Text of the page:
Moral hazard has the potential to correct inefficiencies in health insurance markets. In many cases where consumption of health care services increases, the cost of those services does not exceed their value.
The term "moral hazard" refers to the notion that insurance encourages overconsumption of health care services. In light of the theory of “second best,” this paper reviews arguments that moral hazard leads to increased benefits when economic conditions are less than optimal. The authors consider the effects of moral hazard when insured individuals make uninformed decisions and demand for services is perfectly inelastic. They build on the conclusions of previous analyses of “second best” with respect to how moral hazard leads to more efficient consumption of health care services.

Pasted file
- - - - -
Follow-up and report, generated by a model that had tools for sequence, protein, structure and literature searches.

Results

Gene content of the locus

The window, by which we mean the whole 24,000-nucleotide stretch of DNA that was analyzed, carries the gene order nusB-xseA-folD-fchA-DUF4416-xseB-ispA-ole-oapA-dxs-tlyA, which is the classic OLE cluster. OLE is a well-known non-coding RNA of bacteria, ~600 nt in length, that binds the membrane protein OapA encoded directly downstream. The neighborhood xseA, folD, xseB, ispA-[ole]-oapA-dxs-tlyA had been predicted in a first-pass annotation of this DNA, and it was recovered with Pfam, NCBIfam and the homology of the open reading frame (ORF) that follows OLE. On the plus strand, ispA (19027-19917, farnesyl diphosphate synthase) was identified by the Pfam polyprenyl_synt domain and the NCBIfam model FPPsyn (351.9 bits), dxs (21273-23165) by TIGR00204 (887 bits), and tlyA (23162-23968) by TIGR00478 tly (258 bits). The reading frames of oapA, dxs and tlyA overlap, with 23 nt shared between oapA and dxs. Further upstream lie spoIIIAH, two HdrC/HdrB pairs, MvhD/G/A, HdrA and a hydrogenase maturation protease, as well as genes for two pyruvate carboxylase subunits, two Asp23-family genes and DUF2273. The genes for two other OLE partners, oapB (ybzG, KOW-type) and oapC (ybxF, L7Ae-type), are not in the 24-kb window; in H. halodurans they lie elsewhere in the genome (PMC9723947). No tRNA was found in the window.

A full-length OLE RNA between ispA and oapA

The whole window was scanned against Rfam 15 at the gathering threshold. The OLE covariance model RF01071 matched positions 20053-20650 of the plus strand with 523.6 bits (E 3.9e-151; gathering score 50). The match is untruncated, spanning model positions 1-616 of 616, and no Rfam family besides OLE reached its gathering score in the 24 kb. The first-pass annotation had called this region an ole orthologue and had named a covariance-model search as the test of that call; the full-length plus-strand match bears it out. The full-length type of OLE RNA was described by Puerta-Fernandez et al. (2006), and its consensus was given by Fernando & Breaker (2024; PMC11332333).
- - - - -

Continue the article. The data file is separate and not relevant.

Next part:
- The prices that providers set for health care services are less than efficient because the quantity of health care consumed at those prices are not socially efficient.
- Increased health care coverage facilitates the redistribution of income, allowing individuals to obtain services that they otherwise could not afford.
Various factors, including health care provider price setting, contribute to distortions and inefficiencies in health insurance markets. This paper reviews analyses of how moral hazard compensates for inefficiencies and increases the economic benefits of insurance markets.